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Afghanistan: Time to get to work!

After the attack on Kabul airport, the American-led international military intervention in Afghanistan has surely reached its Waterloo. Now that the other international military presence, operating as IS, Islamic State-Khorasan, Daesh or whatever name, is continuing the battle with deadly energy, the time is more urgent than ever to save what can be saved. But we must not only think of evacuating people, however dire their situation, but of preventing greater evil in the near future.

The horror scenario is easy to sketch. IS, bent on international disruption since 2014, was lured into Afghanistan in 2015 by the chaos there – 14 years, no less, after the West’s invasion that was supposed to bring peace “at the point of a gun”. IS’s strategy was to disrupt the slow march towards peace talks that were also underway at the time with Taliban factions, and they could easily do so by luring young men who had nothing to lose with better weapons and nicer mopeds. The Taliban understood earlier than the West that the common enemy was international Jihad – not least because the unwelcome guest Osama Bin Laden and his Al-Qaeda were bringing the greatest misery to Afghanistan. That was an important reason for the surrender at the beginning of 2002 – now almost 20 years ago (sic). The Americans wanted nothing to do with it, and ‘the rest is history’.

If IS succeeds in enticing the Western powers to send more troops to Afghanistan, the various factions of the Taliban will feel obliged to respond. The chain reaction this will cause will take us back to a situation similar to the late 1980s. And that’s what IS is after: the possibility of attacking the rest of the world from Afghanistan again. That, even according to Joe Biden’s new historiography (we were only there to stop the threat), would be a complete loss of the longest US war ever.

So what now?

To make an alternative in the form of a new ‘civilian mission’ possible, a few misunderstandings must be cleared up and a few bold decisions taken. I will mention a few point by point, without daring to claim completeness.

The individuals: Make a distinction between those who are left behind. For example, there are Afghans who have a Belgian, Dutch or other European passport, there are Afghans who have cooperated with foreign military interventions, and there are Afghans who worked for international aid organisations. In all these groups, one can find people who are very concerned, but also people who think differently.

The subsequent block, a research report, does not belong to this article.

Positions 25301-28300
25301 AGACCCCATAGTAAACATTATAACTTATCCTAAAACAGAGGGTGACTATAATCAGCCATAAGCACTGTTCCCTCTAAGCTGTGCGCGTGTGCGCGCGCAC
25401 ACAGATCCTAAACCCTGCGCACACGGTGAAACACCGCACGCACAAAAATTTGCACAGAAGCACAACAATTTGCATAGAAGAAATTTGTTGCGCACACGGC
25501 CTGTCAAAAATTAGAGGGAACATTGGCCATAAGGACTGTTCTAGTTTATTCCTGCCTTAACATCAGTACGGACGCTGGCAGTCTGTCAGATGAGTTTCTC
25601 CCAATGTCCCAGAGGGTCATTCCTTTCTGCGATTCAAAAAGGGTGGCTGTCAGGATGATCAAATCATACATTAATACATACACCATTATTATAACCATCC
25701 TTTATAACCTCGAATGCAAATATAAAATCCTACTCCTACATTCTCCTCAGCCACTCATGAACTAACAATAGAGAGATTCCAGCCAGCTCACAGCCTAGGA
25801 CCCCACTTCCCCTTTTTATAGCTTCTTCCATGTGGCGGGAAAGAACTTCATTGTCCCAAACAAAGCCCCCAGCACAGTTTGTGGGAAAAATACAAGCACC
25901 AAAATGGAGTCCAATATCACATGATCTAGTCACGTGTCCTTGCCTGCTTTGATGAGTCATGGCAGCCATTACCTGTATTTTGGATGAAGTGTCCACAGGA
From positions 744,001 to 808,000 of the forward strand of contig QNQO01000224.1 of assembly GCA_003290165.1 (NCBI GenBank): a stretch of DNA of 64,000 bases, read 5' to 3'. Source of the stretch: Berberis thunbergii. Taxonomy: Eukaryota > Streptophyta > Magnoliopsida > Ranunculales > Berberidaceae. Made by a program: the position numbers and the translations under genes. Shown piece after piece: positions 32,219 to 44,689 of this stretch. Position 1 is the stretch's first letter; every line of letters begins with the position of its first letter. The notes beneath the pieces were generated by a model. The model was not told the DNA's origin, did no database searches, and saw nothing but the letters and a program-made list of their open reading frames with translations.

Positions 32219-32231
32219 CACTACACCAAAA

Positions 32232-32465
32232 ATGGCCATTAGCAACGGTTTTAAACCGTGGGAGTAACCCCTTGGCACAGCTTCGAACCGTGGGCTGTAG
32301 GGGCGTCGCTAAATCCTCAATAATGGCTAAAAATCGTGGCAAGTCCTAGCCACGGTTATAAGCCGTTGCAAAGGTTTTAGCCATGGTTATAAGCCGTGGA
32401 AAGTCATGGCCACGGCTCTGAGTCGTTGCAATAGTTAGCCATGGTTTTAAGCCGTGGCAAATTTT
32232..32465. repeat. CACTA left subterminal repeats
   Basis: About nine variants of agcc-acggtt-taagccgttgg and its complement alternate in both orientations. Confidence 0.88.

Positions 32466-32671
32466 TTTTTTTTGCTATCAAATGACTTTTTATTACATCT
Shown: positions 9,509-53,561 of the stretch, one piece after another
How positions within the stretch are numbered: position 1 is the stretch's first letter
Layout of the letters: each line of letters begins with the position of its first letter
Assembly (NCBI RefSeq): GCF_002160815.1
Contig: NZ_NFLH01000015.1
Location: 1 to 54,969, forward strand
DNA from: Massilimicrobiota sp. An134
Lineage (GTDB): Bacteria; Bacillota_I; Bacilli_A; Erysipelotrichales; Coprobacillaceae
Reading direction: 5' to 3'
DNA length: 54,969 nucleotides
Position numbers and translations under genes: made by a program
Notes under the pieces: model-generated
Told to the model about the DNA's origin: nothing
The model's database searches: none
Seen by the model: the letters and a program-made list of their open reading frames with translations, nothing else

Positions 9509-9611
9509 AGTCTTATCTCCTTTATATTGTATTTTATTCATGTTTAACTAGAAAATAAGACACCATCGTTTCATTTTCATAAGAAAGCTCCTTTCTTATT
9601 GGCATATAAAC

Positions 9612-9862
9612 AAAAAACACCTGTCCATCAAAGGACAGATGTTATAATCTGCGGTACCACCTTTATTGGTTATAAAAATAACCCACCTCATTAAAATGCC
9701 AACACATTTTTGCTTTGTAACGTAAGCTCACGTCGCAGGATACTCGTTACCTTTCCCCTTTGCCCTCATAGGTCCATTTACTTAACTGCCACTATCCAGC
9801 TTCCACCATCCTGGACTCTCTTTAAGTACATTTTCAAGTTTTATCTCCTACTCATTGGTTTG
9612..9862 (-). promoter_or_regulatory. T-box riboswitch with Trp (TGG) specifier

As far as Western passport holders are concerned, it would be good to at least acknowledge that nobody knows for sure if the Afghan Taliban government is not prepared to let people with such a passport leave on a normal scheduled flight. In any case, it does not seem that even in a horror scenario the Taliban have anything to gain from taking foreigners hostage. It would make them look far too much like the common enemy, IS.

The defence and foreign affairs staff: there, the responsibility lies with the relevant authorities – and they are negotiating.

The employees of aid organisations have been asked by the Taliban to stay and continue their work. That is where negotiations are obvious: this work can only be continued with international financing. That makes a negotiating position in any case a real possibility, and that is also how the EU puts it.

The knowledge: These employees of aid organisations embody what has been achieved in Afghanistan, despite, and certainly not thanks to, the military presence. There is now a ‘civil society’, in which the soft power of the West lies. The people who have been trained, including of course the women, have international contacts and experience in working with a very problematic government. The programmes in which they work are of vital importance: from health care, education and agriculture, to the much-needed construction of institutions such as a reliable police force, a legal system, water management, a land register… you name it.

The military presence has hampered all these efforts because they were unable to bring security. Continuation of those programmes is vital for the Taliban as well. Without functioning health care, without education (yes, even for girls) and without food, no country can be governed – let alone controlled. After three years of drought and conflict, Afghanistan is also facing the threat of a massive famine: Director David Beasley of the United Nations Food Programme says that 14 million people in Afghanistan – a third of the population – already have too little to eat.